The first sign the war was changing shape came with the fall of Idlib city in the northwest in March, followed by Jisr al-Shughour, a strategic town that opens the road to Latakia and the coast, heartland of the Assad family’s Alawite sect.
These two victories were won by Jaish al-Fatah, or Army of Conquest, the recently formed coalition between the Nusra Front the al Qaeda affiliate in Syria, and Ahrar al-Sham, a Salafist militia, and other groups using an arsenal including modern anti-tank weapons diplomats say arrived through Turkey.
Operating from a new command and control center in Idlib, Jaish al-Fatah is now pressing toward the Assad-held western side of the northern city of Aleppo – Syria’s famous trading capital, much of it razed by government artillery and bombing.
Islamic State, meanwhile, which declared its caliphate in Syria and Iraq a year ago, has pushed out of its stronghold of Raqqa, which neither the Syrian air force or the U.S.-led coalition carrying out air strikes against the Sunni jihadis in both countries seemed able to stop.
IS captured the Syrian stronghold from which it surged into Iraq last June from other groups, but last month it took Palmyra in central Syria, known for its Roman-era ruins, as Assad forces pulled back westwards.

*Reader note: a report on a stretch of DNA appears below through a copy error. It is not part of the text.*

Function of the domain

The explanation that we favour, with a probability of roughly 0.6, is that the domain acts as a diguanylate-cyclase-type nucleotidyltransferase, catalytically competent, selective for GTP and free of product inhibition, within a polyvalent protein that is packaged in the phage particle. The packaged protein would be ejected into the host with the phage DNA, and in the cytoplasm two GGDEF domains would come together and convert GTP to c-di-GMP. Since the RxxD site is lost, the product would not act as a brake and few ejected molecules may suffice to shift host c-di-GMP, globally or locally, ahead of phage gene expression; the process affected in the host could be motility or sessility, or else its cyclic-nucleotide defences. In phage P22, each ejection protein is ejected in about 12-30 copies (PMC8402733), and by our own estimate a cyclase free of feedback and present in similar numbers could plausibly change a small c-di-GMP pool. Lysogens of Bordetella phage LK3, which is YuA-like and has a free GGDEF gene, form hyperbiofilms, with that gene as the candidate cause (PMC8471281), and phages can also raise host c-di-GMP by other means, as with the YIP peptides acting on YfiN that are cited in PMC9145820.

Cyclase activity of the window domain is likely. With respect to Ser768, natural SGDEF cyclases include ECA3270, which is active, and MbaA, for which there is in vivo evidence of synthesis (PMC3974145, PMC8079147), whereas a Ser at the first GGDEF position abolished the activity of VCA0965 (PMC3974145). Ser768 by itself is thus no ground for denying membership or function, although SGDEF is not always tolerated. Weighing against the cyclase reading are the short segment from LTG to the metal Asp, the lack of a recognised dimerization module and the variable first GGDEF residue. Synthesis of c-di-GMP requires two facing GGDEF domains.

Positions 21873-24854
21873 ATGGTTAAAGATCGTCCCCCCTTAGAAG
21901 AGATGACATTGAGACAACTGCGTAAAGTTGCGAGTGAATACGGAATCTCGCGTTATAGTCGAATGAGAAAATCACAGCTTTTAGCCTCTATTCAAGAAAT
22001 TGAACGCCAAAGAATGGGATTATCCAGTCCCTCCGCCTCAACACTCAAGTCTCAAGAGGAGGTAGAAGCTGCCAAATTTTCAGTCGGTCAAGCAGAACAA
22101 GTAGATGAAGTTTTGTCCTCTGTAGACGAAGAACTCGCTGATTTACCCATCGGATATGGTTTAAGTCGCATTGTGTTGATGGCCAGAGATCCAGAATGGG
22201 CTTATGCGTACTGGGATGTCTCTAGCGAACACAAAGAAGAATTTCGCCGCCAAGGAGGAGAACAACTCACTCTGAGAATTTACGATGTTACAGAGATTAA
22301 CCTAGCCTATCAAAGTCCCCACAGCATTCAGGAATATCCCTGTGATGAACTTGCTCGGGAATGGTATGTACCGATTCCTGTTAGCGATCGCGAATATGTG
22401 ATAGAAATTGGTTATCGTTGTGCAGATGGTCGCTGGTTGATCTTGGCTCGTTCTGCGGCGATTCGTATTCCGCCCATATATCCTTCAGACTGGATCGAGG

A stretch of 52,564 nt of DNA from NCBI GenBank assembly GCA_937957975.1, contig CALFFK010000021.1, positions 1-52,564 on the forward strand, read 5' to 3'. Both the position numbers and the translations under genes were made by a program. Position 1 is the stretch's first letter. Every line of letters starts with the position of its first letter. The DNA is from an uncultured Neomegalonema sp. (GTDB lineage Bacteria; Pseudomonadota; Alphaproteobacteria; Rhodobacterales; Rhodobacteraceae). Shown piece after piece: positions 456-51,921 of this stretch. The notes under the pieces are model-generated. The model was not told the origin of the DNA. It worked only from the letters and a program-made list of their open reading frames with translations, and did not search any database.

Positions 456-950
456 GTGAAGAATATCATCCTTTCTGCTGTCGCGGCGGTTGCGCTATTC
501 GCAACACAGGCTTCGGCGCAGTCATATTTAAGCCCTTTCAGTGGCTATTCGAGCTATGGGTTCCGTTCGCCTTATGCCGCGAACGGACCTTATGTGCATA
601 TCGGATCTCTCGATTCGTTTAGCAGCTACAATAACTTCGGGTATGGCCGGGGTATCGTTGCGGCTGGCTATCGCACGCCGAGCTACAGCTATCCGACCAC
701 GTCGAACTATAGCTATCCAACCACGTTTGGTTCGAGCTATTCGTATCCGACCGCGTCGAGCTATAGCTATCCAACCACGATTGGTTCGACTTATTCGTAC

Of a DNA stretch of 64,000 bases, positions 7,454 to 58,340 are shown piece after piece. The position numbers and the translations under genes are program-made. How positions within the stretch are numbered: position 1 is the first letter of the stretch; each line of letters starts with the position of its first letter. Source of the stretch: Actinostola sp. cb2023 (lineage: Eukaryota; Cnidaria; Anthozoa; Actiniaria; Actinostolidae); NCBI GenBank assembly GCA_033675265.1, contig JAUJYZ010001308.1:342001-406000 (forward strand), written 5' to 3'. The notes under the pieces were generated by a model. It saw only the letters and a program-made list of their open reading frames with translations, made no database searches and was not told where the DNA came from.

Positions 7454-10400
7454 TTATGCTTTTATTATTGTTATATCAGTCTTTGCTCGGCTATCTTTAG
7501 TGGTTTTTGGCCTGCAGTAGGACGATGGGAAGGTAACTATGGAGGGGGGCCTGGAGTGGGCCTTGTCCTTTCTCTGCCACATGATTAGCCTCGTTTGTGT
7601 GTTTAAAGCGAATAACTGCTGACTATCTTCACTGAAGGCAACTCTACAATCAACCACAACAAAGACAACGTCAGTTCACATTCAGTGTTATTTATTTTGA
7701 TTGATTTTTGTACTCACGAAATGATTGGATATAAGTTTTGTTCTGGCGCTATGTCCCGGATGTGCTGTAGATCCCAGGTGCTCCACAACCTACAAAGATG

In the south, after a failed offensive led by Iran’s Revolutionary Guards and Hezbollah to root out insurgents threatening the road to Damascus, the city of Deraa, where the revolt against Assad’s rule began in 2011, may be about to fall to the Southern Front, mainstream rebels run by operations rooms over the border in Jordan staffed by U.S. and Western officials.
In the northeast, Syrian Kurdish fighters have managed to link up a long swathe of land seized from IS near the Turkish border, first at Kobani and then, this month, at Tel Abyad, cutting supply lines from Turkey down to its capital at Raqqa.